Figure l is a side elevation of a screw propeller constructed in accordance with the principles of the present invention;
Figure 2 is an end view of the same observing, for example, the structure of Figure 1 in a direction from left to right;
Figure 3 is a section on the vertical line 3-3 of Figure 1, looking in the direction of the arrows; and
Figure 4 is an elevational view of the aforementioned open-ended tubular flanged driven shaft.
With reference first to Figure 4, the stated shaft is denoted by the numeral 6 and actually provides the core of the propeller and it is. made of rust-proof metal or suitable commercial plastics or an equivalent noncorrodible material and is generally cylindrical in crosssection and of uniform diameter from end to end, but may have a tapered bore if desired. On the interior of the bore there is a keyway 8, as shown, for example, in Figures 2 and 3, whereby the same may be mounted on a powered drive shaft on a boat or the like (not shown). The shaft has outstanding flanges 10 and 12 at its respective ends. The peripheral surface is denoted at 14 and this is provided with a multiplicity of suitably spread or arranged nodule-like projections or embossments, as at 16.
The fabricated reinforced rubber propeller or blade means is a composite rubber and rubberized fabric adaptation. It may be said to comprise a central hub portion which encases the shaft 6 and spiralling blade components. The hub portion embodies an inner rubber lamination of sleeve-like form which is denoted at 18 and which appears in Figure 3, and this is surrounded by the intervening reinforcing fabric layer or lamination 20 which latter is, in turn, surrounded by a sleeve-like outer rubber ply or lamination 22. The hub extends between the flanges 10 and 12 and the inner rubber lamination 18 is securely anchored by the embossments 16, as is obvious. All components of the blade means are the same in that there is an inner fabric reinforcing ply or lamination 24 with complemental rubber plies or laminations 26 and 28 encasing or jacketing the same. A section through the blade shows that it is tapered to an approximate relatively thin outer edge portion, as at 30.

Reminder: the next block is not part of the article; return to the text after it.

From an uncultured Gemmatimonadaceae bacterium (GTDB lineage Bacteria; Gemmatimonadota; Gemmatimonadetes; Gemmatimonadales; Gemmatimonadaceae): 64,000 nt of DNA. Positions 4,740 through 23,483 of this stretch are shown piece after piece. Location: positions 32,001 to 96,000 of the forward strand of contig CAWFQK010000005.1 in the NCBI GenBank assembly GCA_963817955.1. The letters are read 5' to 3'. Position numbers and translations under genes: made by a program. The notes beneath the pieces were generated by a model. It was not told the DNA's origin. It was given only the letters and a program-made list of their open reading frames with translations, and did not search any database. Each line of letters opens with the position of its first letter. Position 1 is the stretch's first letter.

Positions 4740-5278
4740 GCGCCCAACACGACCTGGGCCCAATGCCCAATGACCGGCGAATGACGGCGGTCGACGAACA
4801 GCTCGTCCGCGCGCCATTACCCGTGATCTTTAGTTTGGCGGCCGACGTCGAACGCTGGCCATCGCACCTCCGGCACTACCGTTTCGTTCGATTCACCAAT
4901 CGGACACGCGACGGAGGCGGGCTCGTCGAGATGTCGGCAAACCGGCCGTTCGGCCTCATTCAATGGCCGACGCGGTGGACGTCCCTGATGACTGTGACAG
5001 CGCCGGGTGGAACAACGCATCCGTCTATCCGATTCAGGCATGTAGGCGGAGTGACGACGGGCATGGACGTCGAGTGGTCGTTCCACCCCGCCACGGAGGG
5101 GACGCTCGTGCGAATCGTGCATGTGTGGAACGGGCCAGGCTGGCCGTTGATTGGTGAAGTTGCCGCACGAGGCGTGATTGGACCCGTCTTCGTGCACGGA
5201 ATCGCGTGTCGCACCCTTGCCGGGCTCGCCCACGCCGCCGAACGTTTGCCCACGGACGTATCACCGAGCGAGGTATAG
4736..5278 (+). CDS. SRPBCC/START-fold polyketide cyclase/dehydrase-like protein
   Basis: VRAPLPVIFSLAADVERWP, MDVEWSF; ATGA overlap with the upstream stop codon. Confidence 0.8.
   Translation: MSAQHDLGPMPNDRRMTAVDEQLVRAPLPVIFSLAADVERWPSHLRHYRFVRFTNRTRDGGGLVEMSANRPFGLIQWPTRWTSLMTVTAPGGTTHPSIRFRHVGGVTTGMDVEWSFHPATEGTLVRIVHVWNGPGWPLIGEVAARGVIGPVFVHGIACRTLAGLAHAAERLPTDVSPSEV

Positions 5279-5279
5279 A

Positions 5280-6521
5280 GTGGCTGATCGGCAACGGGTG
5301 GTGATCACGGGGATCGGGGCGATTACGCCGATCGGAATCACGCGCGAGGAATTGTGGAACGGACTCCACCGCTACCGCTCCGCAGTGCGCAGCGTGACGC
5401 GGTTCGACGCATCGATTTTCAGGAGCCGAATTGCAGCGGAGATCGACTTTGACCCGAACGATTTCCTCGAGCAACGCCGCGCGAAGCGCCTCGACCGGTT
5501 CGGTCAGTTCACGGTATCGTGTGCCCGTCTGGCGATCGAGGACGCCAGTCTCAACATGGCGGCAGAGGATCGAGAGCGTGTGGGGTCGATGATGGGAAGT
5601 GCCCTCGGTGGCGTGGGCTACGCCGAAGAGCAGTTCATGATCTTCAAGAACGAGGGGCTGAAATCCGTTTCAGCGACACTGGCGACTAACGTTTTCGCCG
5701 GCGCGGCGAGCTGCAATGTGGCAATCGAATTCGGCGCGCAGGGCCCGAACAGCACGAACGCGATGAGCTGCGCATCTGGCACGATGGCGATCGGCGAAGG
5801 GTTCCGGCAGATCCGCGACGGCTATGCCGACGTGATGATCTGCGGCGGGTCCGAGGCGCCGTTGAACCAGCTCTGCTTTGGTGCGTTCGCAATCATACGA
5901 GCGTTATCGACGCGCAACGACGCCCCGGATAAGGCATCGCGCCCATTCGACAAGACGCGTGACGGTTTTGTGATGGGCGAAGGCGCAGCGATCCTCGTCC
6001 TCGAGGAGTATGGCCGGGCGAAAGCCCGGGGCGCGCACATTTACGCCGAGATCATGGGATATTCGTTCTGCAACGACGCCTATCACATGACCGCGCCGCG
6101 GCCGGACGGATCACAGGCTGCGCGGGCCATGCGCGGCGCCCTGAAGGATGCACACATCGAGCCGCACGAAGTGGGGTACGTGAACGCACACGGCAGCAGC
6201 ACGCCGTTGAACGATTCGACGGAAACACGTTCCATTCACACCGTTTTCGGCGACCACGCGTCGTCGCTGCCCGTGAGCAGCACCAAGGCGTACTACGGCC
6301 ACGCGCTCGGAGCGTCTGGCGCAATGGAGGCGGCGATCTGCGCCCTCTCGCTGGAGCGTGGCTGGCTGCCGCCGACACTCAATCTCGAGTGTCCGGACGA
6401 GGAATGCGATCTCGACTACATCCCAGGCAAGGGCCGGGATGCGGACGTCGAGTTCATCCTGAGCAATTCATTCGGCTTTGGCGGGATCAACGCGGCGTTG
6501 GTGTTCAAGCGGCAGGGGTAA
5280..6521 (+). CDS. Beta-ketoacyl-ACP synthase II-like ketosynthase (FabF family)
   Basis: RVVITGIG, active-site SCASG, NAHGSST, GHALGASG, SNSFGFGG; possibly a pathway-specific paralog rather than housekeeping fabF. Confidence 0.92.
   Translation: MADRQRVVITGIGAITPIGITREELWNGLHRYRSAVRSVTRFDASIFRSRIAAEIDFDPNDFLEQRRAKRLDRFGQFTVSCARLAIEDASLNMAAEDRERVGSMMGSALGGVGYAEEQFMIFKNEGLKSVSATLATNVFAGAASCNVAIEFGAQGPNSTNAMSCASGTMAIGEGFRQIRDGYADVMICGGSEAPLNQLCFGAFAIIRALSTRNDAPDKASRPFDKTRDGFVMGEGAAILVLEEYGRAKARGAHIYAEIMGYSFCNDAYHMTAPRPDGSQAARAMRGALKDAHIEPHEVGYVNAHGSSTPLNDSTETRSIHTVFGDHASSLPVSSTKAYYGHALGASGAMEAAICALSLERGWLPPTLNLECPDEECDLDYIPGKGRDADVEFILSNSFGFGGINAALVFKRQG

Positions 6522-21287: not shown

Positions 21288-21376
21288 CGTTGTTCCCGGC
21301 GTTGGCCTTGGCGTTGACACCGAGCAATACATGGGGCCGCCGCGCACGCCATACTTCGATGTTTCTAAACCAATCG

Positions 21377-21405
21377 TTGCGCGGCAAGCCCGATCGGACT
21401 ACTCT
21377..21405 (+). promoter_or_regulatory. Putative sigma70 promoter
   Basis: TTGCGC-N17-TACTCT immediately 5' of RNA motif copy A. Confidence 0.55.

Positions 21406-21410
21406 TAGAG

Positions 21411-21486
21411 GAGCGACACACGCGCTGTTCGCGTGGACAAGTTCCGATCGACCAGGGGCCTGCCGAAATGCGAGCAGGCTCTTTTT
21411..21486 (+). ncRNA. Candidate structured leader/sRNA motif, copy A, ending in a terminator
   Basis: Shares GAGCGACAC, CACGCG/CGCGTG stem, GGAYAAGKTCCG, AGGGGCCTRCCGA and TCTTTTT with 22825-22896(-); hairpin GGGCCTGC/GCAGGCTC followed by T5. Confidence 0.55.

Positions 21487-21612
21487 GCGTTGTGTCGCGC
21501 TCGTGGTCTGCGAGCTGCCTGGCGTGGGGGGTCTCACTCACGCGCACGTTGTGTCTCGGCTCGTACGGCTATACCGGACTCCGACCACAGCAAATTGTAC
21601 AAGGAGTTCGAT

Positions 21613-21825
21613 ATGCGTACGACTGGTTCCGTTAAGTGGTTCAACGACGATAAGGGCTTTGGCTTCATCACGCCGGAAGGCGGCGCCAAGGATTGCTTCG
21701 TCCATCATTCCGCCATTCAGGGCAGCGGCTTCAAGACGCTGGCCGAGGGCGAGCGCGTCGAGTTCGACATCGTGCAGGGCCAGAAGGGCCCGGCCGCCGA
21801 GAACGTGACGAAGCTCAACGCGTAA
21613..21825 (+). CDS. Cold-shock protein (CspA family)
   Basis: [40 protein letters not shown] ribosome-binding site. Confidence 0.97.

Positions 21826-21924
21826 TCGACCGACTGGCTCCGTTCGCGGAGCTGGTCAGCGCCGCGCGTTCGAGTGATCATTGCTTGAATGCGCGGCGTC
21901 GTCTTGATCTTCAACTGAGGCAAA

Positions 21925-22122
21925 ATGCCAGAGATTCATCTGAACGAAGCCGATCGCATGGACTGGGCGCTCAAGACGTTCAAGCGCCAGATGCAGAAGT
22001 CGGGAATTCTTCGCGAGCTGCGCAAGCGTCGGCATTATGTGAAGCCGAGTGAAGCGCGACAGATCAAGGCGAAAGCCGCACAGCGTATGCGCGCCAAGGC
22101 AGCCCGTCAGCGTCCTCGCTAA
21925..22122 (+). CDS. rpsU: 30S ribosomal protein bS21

One end of the blade, as at 32 at the left in Figure 1, begins inwardly of the adjacent flange 10 from what may be called a zero or starting point, and, as it clear, it radiates outwardly and advances along a spiralling half-turn course until it reaches a point which is diametrically opposite the zero point, that is, a distance of approximately 180, the point which is denoted by the numeral 34 in Figure 2. This designates or identifies the maximum outside diameter or circumference, and the blade continues in its encircling spiral travel while retaining the then established maximum circumference until one 360 full turn is completed. It then regresses or travels in a reverse manner and radiates or travels inwardly while following a second spiralling 180 half-turn course toward the other, or right hand, end of the shaft where it merges into the latter and terminates at what may be called the zero point 36 which is spaced longitudinally from the point 32 but is situated on the same side of the hub, and the over-all blade thus defines two complete convolutions or turns. The
half-portions 38 and 40 go to make up what is equivalent to one turn, and the intervening complemental larger half-portions 42 and 44 go to make up the complete median turn or convolution, which is generally denoted by the numeral 46 in Figure 1. It is to be noted that the thickest portion of the blade will be at the exact center, as may be conveniently denoted at the point 48 and gradually becomes thinner from there to the left and right, that is, the respective starting and terminal points 32 and 36, respectively.